I have a certain knowledge in stochastic processes (specially analysis of nonstationary signals), but in addition to be a beginner in R, I have never worked with regression models before. Well, I have some doubts on understanding the outcome of the function summary() in R, when using with the results of a glm model fitted to my data. Well, suppose I used the following command to fit a generalized linear model to my data:**
glm_model <- glm(Output ~ (Input1*Input2) + Input3 + Input4, data = mydata)
Then I use summary(glm_model) to obtain the following:
Call: glm(formula = Output ~ (Input1*Input2) + Input3 + Input4, data = mydata) Deviance Residuals: Min 1Q Median 3Q Max -7.4583 -0.8985 0.1628 1.0670 6.0673 Coefficients: Estimate Std. Error t value Pr(>|t|) (Intercept) 8.522e+00 6.553e-02 130.041 < 2e-16 *** Input1 -3.819e-04 3.021e-05 -12.642 < 2e-16 *** Input2 -2.557e-04 2.518e-05 -10.156 < 2e-16 *** Input3 -3.202e-02 1.102e-02 -2.906 0.00367 ** Input4 -1.268e-01 7.608e-02 -1.666 0.09570 . Input1:Input2 1.525e-08 2.521e-09 6.051 1.53e-09 *** --- Signif. codes: 0 '***' 0.001 '**' 0.01 '*' 0.05 '.' 0.1 ' ' 1 (Dispersion parameter for gaussian family taken to be 2.487504) Null deviance: 18544 on 5959 degrees of freedom Residual deviance: 14811 on 5954 degrees of freedom (1708 observations deleted due to missingness) AIC: 22353 Number of Fisher Scoring iterations: 2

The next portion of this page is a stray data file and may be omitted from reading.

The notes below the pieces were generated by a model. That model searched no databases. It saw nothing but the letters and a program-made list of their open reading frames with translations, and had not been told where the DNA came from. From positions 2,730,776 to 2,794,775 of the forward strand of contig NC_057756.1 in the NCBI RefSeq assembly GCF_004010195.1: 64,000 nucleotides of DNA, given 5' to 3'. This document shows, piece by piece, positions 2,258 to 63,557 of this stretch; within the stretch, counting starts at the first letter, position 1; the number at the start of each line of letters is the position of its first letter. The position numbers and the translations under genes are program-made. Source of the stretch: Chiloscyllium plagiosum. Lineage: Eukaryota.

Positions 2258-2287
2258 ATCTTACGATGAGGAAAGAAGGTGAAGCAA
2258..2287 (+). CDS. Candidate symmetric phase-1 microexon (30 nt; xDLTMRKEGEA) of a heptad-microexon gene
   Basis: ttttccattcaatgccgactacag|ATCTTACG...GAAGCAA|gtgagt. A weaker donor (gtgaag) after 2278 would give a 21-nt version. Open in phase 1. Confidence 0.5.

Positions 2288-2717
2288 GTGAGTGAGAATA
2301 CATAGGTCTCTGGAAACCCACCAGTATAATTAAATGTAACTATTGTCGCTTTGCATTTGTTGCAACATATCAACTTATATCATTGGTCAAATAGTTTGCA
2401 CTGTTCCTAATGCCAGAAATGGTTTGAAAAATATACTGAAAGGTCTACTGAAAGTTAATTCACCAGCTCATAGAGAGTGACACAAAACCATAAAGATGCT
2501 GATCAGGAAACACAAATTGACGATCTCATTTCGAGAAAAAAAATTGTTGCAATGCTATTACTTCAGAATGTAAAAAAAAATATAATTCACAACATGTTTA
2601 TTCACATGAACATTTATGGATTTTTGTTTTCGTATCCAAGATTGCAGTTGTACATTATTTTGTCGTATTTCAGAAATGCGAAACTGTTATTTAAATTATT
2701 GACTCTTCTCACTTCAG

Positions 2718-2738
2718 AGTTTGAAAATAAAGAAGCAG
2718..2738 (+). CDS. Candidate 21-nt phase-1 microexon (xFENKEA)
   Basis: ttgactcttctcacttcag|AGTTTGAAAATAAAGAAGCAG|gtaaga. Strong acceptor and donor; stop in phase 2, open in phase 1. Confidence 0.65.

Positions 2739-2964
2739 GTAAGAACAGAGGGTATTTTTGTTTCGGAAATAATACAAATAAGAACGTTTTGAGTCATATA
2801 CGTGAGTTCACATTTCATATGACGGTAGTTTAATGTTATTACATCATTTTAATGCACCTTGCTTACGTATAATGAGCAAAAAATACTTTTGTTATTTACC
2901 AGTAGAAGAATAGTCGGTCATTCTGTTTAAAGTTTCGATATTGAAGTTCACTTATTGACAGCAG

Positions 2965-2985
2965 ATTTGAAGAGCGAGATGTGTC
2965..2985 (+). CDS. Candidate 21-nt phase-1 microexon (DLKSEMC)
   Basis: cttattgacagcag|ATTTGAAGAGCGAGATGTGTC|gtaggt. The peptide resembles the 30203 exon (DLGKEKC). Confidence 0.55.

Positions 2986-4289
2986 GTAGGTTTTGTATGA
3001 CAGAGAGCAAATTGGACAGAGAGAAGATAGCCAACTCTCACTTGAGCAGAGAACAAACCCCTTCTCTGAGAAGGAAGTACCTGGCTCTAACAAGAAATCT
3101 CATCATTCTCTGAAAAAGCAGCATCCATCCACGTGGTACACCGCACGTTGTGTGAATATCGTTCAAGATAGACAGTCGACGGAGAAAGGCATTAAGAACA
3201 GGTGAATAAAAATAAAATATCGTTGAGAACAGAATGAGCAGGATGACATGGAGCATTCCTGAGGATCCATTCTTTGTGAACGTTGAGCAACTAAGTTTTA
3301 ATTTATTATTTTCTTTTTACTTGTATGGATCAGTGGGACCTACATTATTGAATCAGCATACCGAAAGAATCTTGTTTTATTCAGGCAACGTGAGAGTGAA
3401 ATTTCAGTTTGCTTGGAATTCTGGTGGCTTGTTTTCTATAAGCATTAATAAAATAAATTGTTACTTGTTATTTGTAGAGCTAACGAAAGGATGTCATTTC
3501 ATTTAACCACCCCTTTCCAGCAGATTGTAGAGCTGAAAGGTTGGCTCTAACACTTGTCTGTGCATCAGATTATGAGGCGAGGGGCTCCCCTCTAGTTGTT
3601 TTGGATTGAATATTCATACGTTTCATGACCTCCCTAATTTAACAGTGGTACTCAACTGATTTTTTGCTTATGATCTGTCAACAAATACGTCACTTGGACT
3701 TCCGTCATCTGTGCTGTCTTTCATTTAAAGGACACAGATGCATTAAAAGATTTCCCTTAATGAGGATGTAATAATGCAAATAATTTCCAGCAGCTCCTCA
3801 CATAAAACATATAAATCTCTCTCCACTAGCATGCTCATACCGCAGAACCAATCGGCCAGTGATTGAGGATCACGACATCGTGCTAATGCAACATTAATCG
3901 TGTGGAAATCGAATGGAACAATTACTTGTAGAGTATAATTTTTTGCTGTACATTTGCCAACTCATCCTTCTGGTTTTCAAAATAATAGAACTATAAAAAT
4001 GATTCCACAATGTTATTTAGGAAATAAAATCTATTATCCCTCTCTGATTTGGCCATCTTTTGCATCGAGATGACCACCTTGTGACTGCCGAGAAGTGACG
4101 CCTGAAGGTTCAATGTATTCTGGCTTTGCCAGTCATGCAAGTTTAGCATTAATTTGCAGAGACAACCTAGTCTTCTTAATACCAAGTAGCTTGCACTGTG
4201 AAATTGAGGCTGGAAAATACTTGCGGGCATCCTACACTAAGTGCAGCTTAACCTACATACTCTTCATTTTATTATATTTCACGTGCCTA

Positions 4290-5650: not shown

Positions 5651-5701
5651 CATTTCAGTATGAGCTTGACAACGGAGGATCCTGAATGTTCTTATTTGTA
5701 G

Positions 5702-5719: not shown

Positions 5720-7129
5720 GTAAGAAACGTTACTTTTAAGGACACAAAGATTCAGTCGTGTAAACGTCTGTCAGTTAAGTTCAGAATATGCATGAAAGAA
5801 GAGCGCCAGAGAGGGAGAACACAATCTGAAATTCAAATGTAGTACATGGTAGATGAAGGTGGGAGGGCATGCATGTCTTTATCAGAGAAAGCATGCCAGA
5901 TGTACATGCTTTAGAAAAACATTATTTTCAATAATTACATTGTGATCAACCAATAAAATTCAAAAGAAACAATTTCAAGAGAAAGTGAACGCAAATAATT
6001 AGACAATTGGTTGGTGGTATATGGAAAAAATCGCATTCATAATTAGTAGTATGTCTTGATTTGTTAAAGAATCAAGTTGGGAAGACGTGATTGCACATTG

From a estimation theory perspective, I understand that "estimate" and "Std. Error" are the estimates and the standard deviation of the unknown parameters (beta1, beta2,...) of my model. However, there are some things I do not understand:
How can I assess how good my fit is from the output of
summary()? We could not use only the information of the standard deviation of the parameter estimators to assess the goodness-of-fit. I would expect to have access to the sampling distribution of a given parameter estimator to know the % of estimates within +- 1std, +-0.5std or any +-x*std, for example. Other option would be knowing the theoretical distribution of the parameter estimator, so as to try to calculate its Cramer Rao Lower Bound and compare with the calculated std.
What does the t value (or Pr(>|t|) ) have to do with the goodness-of-fit? Since I am not familiar with regression models, I do not know the connection between the student t distribution and the estimation of the model parameters. What does it mean? Is the parameter estimator of the glm model distributed according to the student t pdf (like the sample estimator for small samples of an unknown population)? What conclusions should I take from Pr(>|t|)?
Do we have a more general form of assessing the goodness-of-fit, like a measure of the variability of the data my model can capture, maybe a table of critical values for such a measure given a certain significance level?**
When fitting a glm model, do we need to specify a significance level? If yes, why such an information is not provided by the summary function?
The summary function outputs some measures based on information theory, like AIC: 22353. Can we define an optimal reference value for AIC? What is a good AIC value? My intuition is that we could not do so, like other information theory measures (mutual information, entropym,...)